With the world economy so weak, why are oil prices so high?

Economic crisis grips Europe, slow growth plagues the United States, and China’s breakneck expansion shows signs of a slight slowing.

Yet the global price of oil might set a record this year as consumption creeps up and world output struggles to keep pace.

The Energy Information Administration said this week that the average retail price of regular gasoline is the highest ever recorded during Thanksgiving week, 49 cents a gallon more than this time last year. AAA says this year motorists are on track to pay a record $490 billion for gasoline, burning a hole in consumers’ pockets.

Recently, prices at the gas pump have tapered off. AAA says that gasoline prices have dropped about 12 cents in the past month to a nationwide average of $3.33 a gallon for regular, giving holiday motorists some reason to give thanks.

But this season is usually a period of relatively weak gasoline demand, and retail gasoline prices are still high by historical standards in the United States. Although U.S. motorists seem to change their driving habits most when gas prices near $4 a gallon, the EIA statistics show that consumption this month has been as low as or lower than any November since early in the previous decade.

Moreover, the prices of other petroleum products have been heading higher. With cold weather starting to set in, home heating oil prices stood at $3.94 per gallon as of Nov. 21, an increase of 83 cents a gallon from a year earlier, the EIA said. The higher prices will primarily affect homeowners in New England, where heating oil is still commonly used.

Diesel prices have climbed, which analysts said was a sign of improved economic activity and constraints on refiners because of the government’s low sulfur requirements. A recent Barclays Capital report said that total miles driven by U.S. truckers was up 3.5 percent over the year before.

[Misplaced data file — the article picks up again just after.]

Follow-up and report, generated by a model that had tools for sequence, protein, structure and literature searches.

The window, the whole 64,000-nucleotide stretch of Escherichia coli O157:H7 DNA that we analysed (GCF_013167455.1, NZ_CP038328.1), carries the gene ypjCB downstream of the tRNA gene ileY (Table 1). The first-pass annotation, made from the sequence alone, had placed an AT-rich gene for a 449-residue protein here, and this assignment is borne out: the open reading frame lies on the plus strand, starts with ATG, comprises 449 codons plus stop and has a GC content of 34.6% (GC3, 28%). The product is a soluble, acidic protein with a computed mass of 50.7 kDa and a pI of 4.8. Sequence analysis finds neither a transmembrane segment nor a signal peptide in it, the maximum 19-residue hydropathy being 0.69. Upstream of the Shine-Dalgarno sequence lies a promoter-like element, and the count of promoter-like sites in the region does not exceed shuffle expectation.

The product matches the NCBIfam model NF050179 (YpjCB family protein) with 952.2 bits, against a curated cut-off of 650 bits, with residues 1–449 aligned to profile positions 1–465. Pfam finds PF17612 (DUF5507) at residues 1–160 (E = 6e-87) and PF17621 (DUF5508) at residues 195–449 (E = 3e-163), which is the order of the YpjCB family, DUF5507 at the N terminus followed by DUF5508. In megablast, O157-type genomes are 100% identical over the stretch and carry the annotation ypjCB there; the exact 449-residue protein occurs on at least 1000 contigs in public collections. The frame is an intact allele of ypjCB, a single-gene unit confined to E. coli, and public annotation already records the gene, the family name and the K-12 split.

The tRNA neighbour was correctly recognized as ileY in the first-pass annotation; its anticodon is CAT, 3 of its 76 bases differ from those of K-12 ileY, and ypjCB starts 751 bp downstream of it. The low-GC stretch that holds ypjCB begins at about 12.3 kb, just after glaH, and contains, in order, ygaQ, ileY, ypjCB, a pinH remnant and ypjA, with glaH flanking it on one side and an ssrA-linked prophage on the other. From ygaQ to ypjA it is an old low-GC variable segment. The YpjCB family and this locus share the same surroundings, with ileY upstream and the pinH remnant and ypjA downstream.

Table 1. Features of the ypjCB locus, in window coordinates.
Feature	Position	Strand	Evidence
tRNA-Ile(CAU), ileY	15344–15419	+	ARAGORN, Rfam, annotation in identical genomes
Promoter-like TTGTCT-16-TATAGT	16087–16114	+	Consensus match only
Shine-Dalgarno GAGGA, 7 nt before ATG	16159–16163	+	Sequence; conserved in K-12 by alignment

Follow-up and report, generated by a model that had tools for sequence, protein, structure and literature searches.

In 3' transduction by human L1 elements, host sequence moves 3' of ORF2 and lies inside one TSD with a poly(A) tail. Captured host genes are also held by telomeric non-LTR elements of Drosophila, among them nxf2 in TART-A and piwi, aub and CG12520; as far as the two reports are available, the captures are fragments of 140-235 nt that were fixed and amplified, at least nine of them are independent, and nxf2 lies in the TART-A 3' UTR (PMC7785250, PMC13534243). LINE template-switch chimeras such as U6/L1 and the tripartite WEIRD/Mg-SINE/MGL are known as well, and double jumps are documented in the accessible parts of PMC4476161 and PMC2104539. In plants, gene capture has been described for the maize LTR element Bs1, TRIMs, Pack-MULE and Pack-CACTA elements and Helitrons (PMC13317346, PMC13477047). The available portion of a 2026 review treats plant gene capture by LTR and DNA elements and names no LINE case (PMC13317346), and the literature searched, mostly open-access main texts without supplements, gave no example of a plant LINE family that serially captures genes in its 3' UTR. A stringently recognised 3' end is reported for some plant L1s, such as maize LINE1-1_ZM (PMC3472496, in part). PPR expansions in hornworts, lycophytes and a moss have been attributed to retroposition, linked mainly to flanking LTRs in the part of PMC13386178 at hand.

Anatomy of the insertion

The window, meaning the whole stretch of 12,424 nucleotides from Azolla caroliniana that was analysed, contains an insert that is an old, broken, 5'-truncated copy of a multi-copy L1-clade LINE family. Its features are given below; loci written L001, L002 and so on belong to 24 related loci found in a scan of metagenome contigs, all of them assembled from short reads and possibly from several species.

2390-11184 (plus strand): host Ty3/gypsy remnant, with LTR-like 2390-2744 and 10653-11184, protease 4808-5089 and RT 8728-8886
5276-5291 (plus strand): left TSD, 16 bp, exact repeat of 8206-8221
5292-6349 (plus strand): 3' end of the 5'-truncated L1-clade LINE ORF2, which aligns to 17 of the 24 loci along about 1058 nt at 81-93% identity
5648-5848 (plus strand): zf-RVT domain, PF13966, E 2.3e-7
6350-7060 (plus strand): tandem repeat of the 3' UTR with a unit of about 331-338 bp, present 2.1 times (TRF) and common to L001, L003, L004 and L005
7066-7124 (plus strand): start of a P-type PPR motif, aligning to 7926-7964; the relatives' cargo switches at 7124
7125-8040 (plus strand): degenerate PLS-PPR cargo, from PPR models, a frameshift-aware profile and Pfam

Diesel prices Wednesday stood at $3.98 a gallon, up 13 cents from a month ago and up 80 cents from a year ago, AAA said.

Diesel prices, closely linked to the trucking business, suggest a disconnect between the economy and the glum mood of consumers.

“The sentiment indicators are gloomy, but the production indicators are pretty good,” said Adam Sieminski, chief energy economist at Deutsche Bank. “If you add up what consumers are spending, the numbers are higher than last year. If you ask them how they feel, they say ‘terrible.’ ”

Behind the retail prices of petroleum products lies a global crude market that is still roiled by geopolitical turmoil and economic uncertainty.

The benchmark West Texas Intermediate crude oil this year has averaged more than $94 a barrel, only slightly below the record year of 2008 before the recent recession, and nearly 50 percent more than levels just five years ago. The more widely used benchmark Brent crude in London has cost more than $100 a barrel since early February. On Wednesday, it fell $1.81, or 1.7 percent, to $107.22 a barrel for January delivery after pessimistic economic signs in Europe.